15 Aug 2023

Russian rouble falls to 16-month low against US dollar

8:32 am on 15 August 2023

By Michael Race for the BBC

No caption

The Russian rouble has fluctuated in value since the war, but has lost about a quarter of its value overall against the US dollar since Ukraine was invaded. Photo: 123rf

The Russian rouble has fallen to its lowest value in 16 months, falling past 100 per US dollar.

The decline comes as pressure grows on the Russian economy, with imports rising faster than exports and military spending growing for the Ukraine war.

Russia has been targeted with sanctions by Western countries following its invasion of Ukraine in February 2022.

The rouble plummeted after war first broke out, but was bolstered by capital controls and oil and gas exports.

It has fluctuated in value since the war, but has lost about a quarter of its value overall against the dollar since Ukraine was invaded.

Earlier on Monday, the rouble was 101.04 per US dollar. The more roubles per dollar means the currency is weakening, as it will take more of it to buy one US dollar, which is typically seen as the most powerful currency in the world.

Russia's central bank has said that a key interest rate increase is possible, but maintains that it sees no threat to the country's financial stability.

When Russia invaded Ukraine the bank hiked rates from 9.5 percent to 20 percent, but began cutting them shortly afterwards.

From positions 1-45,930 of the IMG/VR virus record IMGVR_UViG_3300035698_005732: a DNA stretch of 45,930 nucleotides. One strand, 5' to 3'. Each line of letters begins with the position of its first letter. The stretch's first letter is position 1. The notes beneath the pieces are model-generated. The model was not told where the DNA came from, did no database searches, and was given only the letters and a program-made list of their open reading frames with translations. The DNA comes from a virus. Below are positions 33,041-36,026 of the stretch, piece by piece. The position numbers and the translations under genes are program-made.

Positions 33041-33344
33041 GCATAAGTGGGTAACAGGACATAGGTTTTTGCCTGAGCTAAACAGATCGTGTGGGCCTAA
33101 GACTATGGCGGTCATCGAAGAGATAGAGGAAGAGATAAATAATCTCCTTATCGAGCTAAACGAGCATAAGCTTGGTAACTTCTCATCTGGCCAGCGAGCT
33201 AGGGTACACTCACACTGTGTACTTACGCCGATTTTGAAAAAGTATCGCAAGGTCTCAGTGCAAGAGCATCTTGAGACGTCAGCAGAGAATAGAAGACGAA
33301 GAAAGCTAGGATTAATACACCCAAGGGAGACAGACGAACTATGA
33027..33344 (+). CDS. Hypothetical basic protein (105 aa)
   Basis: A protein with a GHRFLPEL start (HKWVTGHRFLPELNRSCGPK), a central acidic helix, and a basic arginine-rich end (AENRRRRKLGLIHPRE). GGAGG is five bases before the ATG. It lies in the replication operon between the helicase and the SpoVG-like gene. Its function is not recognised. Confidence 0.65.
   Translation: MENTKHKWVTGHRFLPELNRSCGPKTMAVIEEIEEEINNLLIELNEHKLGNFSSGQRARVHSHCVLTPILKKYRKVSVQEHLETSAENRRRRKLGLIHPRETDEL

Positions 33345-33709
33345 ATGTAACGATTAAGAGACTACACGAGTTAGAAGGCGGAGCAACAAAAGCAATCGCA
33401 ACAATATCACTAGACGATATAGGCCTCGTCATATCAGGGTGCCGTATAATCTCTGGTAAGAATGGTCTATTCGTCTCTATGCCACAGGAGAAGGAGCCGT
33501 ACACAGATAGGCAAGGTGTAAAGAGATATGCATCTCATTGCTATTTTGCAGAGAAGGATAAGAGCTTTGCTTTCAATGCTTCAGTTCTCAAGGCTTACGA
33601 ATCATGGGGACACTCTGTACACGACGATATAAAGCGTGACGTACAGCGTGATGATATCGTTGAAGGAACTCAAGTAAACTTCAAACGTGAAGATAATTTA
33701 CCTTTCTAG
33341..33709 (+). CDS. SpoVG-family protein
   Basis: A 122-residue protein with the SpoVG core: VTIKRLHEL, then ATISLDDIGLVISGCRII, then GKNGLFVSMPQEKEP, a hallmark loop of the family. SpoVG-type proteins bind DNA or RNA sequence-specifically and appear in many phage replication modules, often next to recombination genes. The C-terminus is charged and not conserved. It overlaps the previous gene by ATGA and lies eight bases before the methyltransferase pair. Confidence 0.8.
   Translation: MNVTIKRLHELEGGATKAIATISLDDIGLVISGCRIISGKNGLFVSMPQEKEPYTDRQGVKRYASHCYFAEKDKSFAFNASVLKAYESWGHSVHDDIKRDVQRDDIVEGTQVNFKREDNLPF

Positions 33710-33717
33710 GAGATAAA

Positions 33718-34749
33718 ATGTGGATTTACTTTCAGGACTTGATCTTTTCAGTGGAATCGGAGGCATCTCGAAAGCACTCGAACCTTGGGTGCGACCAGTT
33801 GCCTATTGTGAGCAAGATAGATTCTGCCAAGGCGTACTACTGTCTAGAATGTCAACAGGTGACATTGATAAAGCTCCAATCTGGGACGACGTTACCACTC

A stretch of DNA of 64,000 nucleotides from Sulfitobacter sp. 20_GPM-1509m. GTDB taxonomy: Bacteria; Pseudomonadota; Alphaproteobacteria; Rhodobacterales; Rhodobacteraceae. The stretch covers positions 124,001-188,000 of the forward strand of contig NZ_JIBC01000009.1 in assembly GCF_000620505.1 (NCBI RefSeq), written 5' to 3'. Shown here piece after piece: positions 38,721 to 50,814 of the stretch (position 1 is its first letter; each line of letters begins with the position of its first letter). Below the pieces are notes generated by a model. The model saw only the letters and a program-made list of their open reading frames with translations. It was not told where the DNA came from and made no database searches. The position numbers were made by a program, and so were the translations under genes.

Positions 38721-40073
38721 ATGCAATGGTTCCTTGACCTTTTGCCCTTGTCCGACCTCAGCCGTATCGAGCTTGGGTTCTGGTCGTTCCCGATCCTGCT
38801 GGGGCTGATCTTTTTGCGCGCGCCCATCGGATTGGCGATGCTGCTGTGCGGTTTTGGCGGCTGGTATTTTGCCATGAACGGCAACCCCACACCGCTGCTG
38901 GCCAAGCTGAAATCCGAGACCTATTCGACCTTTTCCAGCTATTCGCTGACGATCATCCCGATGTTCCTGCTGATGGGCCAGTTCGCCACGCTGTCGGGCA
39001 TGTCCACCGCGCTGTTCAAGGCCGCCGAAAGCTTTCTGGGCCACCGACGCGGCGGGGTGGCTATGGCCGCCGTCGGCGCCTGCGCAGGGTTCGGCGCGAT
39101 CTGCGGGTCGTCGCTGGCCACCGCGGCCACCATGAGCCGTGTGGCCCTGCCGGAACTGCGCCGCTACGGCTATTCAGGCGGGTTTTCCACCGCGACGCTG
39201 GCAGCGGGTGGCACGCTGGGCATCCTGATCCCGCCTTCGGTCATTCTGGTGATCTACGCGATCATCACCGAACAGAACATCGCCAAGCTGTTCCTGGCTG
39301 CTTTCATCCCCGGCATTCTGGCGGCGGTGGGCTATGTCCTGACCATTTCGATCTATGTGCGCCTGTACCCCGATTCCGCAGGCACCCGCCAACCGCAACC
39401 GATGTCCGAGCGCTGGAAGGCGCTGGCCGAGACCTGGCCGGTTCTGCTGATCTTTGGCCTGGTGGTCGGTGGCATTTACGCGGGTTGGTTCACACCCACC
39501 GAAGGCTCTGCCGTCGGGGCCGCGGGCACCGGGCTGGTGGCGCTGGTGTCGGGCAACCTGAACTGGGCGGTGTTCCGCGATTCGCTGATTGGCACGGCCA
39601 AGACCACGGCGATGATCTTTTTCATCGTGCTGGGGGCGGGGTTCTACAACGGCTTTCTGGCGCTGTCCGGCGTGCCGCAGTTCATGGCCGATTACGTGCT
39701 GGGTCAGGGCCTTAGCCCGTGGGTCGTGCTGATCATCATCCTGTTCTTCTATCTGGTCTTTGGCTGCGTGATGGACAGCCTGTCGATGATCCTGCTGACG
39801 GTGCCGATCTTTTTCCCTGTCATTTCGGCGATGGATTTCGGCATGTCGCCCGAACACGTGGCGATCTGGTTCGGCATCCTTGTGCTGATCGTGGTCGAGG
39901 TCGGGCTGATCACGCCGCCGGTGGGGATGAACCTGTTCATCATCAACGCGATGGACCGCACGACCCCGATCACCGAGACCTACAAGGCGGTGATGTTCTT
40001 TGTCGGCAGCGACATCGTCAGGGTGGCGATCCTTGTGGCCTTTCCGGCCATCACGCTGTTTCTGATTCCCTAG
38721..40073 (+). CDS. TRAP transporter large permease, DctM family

The current rate is 8.5 percent and Russia's central bank will hold an emergency meeting on Tuesday to discuss a possible rate rise.

Rabobank London managing director Jane Foley said the rouble had been "weakening progressively" this year, but added "the pace has picked up since late July".

"The weakness in the rouble reflects a weakening fundamental backdrop in Russia," she added, pointing out that the country's budget was in deficit and it was relying on imports from China and Turkey, but facing pressure over exports.

AJ Bell investment director Russ Mould said that Russia's trade, and therefore its economy, was being hit by Western sanctions, "especially for oil and gas".

Since the outbreak of war, many EU countries which relied on Russian oil and gas have pledged to wean themselves off imports from the country and find alternative suppliers.

In December 2022, G7 and EU leaders introduced a price cap plan aimed at limiting the revenue Russia earns from its oil exports, by trying to keep it below $60 a barrel. This has played a part in the value of Russia's exports for oil dropping.

Russia also turned off the gas taps to Europe, leading to fears of blackouts. In January, Germany, once a large importer, said it no longer depended on the country's fossil fuels for its energy supply.

"Exports are down, so hard currency inflows are down, and imports are up, and even reliable trading partners such as China appear reluctant to take roubles," said Mould.

He added Russia's exclusion from Swift, an international payment system used by thousands of financial institutions, had also hit Moscow.

But Mould said that "rouble weakness must also be set against dollar strength", with the American currency "gaining ground against emerging currencies across the board".

He said this was partly due to the strength in the US economy, which he said "is forcing the Federal Reserve to raise interest rates in contrast to many emerging central banks, which are starting to cut (notably Brazil and Chile)".

"Higher returns on cash in dollars and lower ones in other currencies can increase the relative attractiveness of holding greenbacks, or assets denominated in them," Mould added.

- This story was first published by the BBC

Get the RNZ app

for ad-free news and current affairs